I was made to love you (Buffy, Season 5, Episode 15)

The ‘B’ plot of Season 5 which will become the ‘A’ plot of Season Six enters in this episode.  Did anyone else notice how everyone seemed to be smiling much more than usual during the first two-thirds of the show?  Was this a set up for the final scene?

Warren, a former Sunnydale High classmate who went to a nearby Tech school, created a robot to love him.  She shows up in Sunnydale looking for the man she was made to love.  Meanwhile, Spike tries to get in good with the Scoobies by showing up at The Magic Shop, but Giles tells him to move on from his — whatever it is — that he feels for Buffy.  Although Buffy and the Scoobies eventually disable Warren’s robot, towards the end of the episode, Spike shows up and commissions the now famous ‘Buffybot’.  At the very end of the show, Buffy discovers her mother’s lifeless body.

So it seems Spike is still obsessed.  Perhaps our treatment in episode 14 wasn’t successful. Perhaps instead of obsession we should have treated Spike for excess sexual arousal, a Liver luo issue. (Clearly, we could have treated puffy Xander for ‘drum distention’ in this episode.)  Before I differentiate Liver and Spleen luo physiology, let’s look at the symptoms of Liver luo pathology a bit more closely.

In depletion of the Liver luo, symptoms include itching of the genitals; this can also be interpreted as ‘itching to get laid’ in colloquial speech.  In repletion, persistent erection is the key sign — a lack of satisfaction in terms of metaphorical interpretation, priapism (due to an overdose of herbs like Lu Jiao, for example) in terms of actual physical signs.  In counterflow of the Liver luo vessel, swelling of the testicles (and thus perhaps also vulvadinia) is the result.  This can happen in the case of ‘blue balls’ (or ‘pink ovaries’), or the orchitis can be comorbid with other conditions, such as mumps.  Spike seems to have a replete Liver collateral vessel.

Therefore, the luo point of the Liver, located one third of the way up the medial aspect of the tibia, at the notch, should be bled.  This point is called ‘Woodworm Canal’, and is today numbered as LV-5 (or LR-5 for people whose handwriting makes ‘V’ and ‘U’ look similar).

So what is the physiology of the Liver luo? What does it regulate, exactly, and how? In the case of the Liver luo, we see a convergence of an acupuncture system focused on the blood, emotions, and hun, with an organ system traditionally said to store the blood.  At night, the blood returns to the Liver, allowing the hun-ethereal souls-personality to wander about, while providing a yin anchor to which they can return.  The Liver is not ordinarily associated with reproductive functions in men, although the trajectory of both the primary channel and the collateral vessel both pass through the genitals.  Despite this trajectory, neither are associated with jing-essence (semen in men, menstrual fluid in women).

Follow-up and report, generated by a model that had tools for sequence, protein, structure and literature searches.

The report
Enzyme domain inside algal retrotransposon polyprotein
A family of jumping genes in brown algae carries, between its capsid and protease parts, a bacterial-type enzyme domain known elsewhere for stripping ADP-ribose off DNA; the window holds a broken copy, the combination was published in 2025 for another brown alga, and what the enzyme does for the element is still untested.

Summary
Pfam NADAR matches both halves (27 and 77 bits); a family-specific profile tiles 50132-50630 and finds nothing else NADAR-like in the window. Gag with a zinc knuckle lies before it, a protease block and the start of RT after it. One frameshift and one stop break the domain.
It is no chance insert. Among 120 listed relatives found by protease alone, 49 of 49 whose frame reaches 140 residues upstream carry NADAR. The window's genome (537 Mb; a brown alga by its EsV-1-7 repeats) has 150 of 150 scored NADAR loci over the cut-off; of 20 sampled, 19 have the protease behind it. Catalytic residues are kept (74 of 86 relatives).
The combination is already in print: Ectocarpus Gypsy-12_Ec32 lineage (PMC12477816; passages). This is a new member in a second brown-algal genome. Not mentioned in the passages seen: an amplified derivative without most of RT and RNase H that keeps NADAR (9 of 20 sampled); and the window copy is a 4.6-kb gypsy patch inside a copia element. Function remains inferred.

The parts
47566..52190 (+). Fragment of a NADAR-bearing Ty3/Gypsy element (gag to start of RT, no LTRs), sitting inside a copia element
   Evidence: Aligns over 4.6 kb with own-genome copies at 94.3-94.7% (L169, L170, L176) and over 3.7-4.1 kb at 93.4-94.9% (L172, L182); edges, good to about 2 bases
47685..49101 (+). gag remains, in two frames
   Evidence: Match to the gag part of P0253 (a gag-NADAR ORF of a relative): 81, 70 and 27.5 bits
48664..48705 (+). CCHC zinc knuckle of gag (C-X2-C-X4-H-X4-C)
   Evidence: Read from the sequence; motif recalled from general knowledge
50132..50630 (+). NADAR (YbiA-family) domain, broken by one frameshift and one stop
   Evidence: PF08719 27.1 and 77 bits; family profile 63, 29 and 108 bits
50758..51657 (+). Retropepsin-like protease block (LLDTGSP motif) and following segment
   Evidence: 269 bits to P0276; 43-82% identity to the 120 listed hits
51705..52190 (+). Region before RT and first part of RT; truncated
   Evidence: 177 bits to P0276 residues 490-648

The name of LV-5, woodworm canal, does provide a clue.  The body is said to have three worms in it, as I’ve detailed in other posts.  The blood serves to contain them.  When the blood in the channel is not sufficient to keep them contained, the body begins to ‘itch’ with desire, greed, or ignorance.  The hun have a difficult time keeping the worms contained.  When replete, the implication is that the worms have multiplied to such an extent the blood has had to also increase to keep them contained — or the balance between them is disrupted to the point that they are not receiving the bare minimum they need to keep the physiology of the system functioning; they are not receiving their ‘satisfaction’.

The Liver luo, in other words, functions to provide the proper channeling of the three worms — into one’s lineage, if necessary.  The LV luo is the last before the luo vessels begin to empty into the extra-ordinary vessels.  This is the principle link the LV has with jing-essence, so it may be that a dysfunction in the LV luo is an effort to produce an heir to the lineage who will not inherit whatever pathology has been going deeper into the parent’s system…

For herbal treatment of Liver luo pathophysiology, we have many options to choose from.  LV blood is one of the most commonly addressed blood issues in the clinic. Any number of formulae can address it — but how to focus it on the LV luo, and disperse qi, wind, or blood from the genitals, while also taking a clue about worms from the point LV-5 is another matter.  Bai Tou Weng treats swollen or itchy testicles, and would therefore be a useful guiding herb for LV luo depletion and counterflow, as would Yin Yang Huo (but do not use Yin Yang Huo in cases of priapism).  When used over a long period of time, Bai Tou Weng tends to elicit anger, and has been used to treat Liver yang deficiency.

Wu Ling San with Wu Yao added treats blue balls, and thus is a good option for counterflow in the Liver luo.  Any of the above herbs can be added to Gui Zhi Fu Ling Wan or Shao Fu Zhu Yu Tang to move blood in the lower warmer.

I have not recently come across any specific herb to treat persistent erection, although I have encountered such properties in my reading.  In such a case, I might use herbs to relax blood vessels, and would consider a formula such as Gui Zhi jia Shao Yao Tang.  If anyone has other suggestions for such a case, please leave a comment below.

As always, these posts are for entertainment and educational purposes only.  If you know anyone with a persistent erection, or erection lasting more than four to six hours, please see a qualified health care practitioner. 

Happy Slayage!



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